sort of about sort 
Author Message
 sort of about sort

Just for interest why wasn't sort implemented so you could use it like
the UNIX sort.

numeric sort.

It would seem to make sense because most of the time you either want to
sort in alpha order or numeric.
Without wanting to change the language is this something that could be
perl 6 ?

John.



Tue, 29 Jul 2003 09:11:13 GMT  
 sort of about sort

Quote:

>Just for interest why wasn't sort implemented so you could use it like
>the UNIX sort.

Because that would be limiting. It can do what sort(1) does
(sans the disk file/merge sort thing), plus some more.

Perl's sort() _does_ have that feature, but we spell "-n" as "{$a <=> $b}".

Quote:
>even sort -nr to reverse a
>numeric sort.

That we spell "{$b <=> $a}".

Quote:
>It would seem to make sense because most of the time you either want to

                                     ^^^^^^^^^^^^^^^^

Quote:
>sort in alpha order or numeric.

But other times you don't.

Quote:
>Without wanting to change the language is this something that could be
>perl 6 ?

I hope not. I want to be able to sort my way all of the time,
not merely most of the time.

Besides we can already do what needs doing, no new feature needed.

--
    Tad McClellan                          SGML consulting

    Fort Worth, Texas



Tue, 29 Jul 2003 11:54:24 GMT  
 sort of about sort

Quote:

>Just for interest why wasn't sort implemented so you could use it like
>the UNIX sort.

>numeric sort.

The current method is more flexible and useful.

Quote:
>It would seem to make sense because most of the time you either want to
>sort in alpha order or numeric.

No.  Perhaps most of the time *you* want an alpha or numeric sort;
that doesn't mean that that is what other people want.

Quote:
>Without wanting to change the language is this something that could be
>perl 6 ?

It could, but it won't, because it multiplies entities unnecessarily.
There is already a perfectly good way to do a numeric reversed sort
(as you know, having already read the manual entry for 'sort') and
your suggestion only adds another way to do exactly the same thing.

If you really want that, it is easy to add:


          my $arg = shift;    
          my $numeric  = ($arg =~ /n/);
          my $reversed = ($arg =~ /r/);




        }

Then you can use:


and nobody else needs to be bothered by it.

rd
($p{$_})&6];$p{$_}=/ ^$P/ix?$P:close$_}keys%p}p;p;p;p;p;map{$p{$_}=~/^[P.]/&&
close$_}%p;wait until$?;map{/^r/&&<$_>}%p;$_=$d[$q];sleep rand(2)if/\S/;print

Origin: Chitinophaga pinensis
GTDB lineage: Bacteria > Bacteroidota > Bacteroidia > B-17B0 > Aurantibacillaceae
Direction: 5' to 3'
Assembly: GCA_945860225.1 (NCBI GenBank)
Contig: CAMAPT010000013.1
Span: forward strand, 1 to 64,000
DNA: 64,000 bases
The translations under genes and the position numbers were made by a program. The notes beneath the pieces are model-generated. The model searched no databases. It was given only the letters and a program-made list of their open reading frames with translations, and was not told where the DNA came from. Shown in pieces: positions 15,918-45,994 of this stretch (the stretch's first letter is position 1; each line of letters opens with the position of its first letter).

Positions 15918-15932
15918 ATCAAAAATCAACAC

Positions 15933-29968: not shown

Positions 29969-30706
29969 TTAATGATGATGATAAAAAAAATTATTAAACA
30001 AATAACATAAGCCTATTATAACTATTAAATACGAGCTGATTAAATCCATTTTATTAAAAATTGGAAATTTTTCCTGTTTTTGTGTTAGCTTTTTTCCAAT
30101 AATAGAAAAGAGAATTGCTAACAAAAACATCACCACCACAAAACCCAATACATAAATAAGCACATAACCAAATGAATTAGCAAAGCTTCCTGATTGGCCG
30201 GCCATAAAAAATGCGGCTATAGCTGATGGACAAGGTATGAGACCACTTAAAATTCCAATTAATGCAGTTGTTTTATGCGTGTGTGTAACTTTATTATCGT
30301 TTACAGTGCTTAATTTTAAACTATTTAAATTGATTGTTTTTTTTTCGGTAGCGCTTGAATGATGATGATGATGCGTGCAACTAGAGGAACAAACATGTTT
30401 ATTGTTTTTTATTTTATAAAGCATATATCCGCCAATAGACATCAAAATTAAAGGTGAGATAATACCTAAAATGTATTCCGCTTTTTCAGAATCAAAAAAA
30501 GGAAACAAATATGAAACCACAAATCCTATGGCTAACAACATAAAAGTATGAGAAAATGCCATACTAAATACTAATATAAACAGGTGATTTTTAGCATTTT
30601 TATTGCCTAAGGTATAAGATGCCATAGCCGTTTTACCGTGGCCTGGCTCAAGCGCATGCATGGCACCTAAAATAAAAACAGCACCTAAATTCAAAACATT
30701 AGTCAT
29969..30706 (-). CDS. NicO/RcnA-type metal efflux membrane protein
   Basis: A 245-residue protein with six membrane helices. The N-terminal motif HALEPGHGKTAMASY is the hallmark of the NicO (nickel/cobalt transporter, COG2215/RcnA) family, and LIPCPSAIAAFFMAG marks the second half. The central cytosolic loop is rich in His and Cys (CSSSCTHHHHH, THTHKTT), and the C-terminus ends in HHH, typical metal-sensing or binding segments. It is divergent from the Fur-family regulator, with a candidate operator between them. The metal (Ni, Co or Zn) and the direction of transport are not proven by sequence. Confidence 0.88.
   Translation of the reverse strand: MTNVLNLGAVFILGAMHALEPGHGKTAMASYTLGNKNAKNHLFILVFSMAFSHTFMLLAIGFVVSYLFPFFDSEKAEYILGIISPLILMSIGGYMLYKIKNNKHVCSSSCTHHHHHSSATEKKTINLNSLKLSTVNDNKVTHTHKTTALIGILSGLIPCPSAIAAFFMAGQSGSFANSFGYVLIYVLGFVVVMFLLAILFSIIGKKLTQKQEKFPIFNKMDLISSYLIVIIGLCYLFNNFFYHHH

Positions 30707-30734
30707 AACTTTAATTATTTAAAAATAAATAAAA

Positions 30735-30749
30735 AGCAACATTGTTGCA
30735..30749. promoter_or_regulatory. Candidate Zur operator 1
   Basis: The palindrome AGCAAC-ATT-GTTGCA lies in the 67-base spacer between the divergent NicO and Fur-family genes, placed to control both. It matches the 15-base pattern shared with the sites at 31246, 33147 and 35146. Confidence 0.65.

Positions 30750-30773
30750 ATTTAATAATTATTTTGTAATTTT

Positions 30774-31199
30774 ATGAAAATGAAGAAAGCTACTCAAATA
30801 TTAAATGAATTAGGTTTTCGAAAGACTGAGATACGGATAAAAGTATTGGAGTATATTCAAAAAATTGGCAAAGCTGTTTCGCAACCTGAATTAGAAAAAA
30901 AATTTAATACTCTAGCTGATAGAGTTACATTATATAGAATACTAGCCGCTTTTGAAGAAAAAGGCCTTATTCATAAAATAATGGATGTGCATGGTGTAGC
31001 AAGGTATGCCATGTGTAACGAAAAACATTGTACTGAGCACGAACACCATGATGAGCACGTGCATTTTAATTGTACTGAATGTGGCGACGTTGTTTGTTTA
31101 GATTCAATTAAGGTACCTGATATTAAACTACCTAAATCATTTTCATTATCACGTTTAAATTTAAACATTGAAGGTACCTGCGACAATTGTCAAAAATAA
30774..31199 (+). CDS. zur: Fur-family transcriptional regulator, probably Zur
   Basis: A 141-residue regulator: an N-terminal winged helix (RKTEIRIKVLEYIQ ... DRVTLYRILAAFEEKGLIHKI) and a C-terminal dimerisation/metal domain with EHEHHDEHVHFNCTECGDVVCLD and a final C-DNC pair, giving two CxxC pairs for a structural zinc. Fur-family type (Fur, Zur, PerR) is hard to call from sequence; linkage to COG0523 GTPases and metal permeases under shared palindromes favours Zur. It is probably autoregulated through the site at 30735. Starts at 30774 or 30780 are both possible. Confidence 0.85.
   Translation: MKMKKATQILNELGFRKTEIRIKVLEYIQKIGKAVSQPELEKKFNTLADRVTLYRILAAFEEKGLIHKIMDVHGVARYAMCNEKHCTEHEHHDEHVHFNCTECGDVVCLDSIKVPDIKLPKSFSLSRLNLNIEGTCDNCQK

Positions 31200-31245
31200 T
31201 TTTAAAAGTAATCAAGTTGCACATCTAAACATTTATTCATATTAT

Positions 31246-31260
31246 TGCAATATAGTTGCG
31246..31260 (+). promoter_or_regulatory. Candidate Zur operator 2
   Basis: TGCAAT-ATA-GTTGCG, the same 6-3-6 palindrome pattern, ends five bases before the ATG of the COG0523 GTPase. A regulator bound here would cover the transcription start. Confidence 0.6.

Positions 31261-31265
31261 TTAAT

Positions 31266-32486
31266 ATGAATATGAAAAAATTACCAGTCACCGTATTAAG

Tue, 29 Jul 2003 13:24:44 GMT  
 sort of about sort

Quote:



> >Just for interest why wasn't sort implemented so you could use it like
> >the UNIX sort.

> >numeric sort.

> The current method is more flexible and useful.

[SNIP]

Quote:

> It could, but it won't, because it multiplies entities unnecessarily.
> There is already a perfectly good way to do a numeric reversed sort
> (as you know, having already read the manual entry for 'sort') and
> your suggestion only adds another way to do exactly the same thing.

So what does TMTOWTDI stand for again. ;)
I was just thinking that it could (have) be(en) implemented so if you want to
sort by another way you could define your own or by default it does alpha or with
a switch it does numeric.

I was only asking because perl started on UNIX and I'm sure Larry often used sort
-nr.  I have no problem with doing it the way it is now I was just curious as to
why it was set up the way it was.

John.



Tue, 29 Jul 2003 17:02:03 GMT  
 sort of about sort


Quote:

>So what does TMTOWTDI stand for again. ;)

You're confused.  Just because there's more than one way to do it
doesn't mean that the Perl core must necessarily support every
possible way of doing everything.  

        Although the Perl Slogan is There's More Than One Way to Do
        It, I hesitate to make 10 ways to do something. :-)


Quote:
>I was just thinking that it could (have) be(en) implemented so if you
>want to sort by another way you could define your own or by default
>it does alpha or with a switch it does numeric.

Right.  And I was just pointing out that if you want that, you can
already get it (so there *is* more than one way to do it, including
yours) and then you can pay the cost for it if you like, and nobody
else has to.

Quote:
>I was only asking because perl started on UNIX and I'm sure Larry
>often used sort -nr.

Yes, and being familiar with unix he must have realized that the
qsort(3) functionality was much more useful and appropriate than the
sort(1) functionality.
rd
($p{$_})&6];$p{$_}=/ ^$P/ix?$P:close$_}keys%p}p;p;p;p;p;map{$p{$_}=~/^[P.]/&&
close$_}%p;wait until$?;map{/^r/&&<$_>}%p;$_=$d[$q];sleep rand(2)if/\S/;print


Tue, 29 Jul 2003 19:40:57 GMT  
 sort of about sort

Quote:


>> It could, but it won't, because it multiplies entities unnecessarily.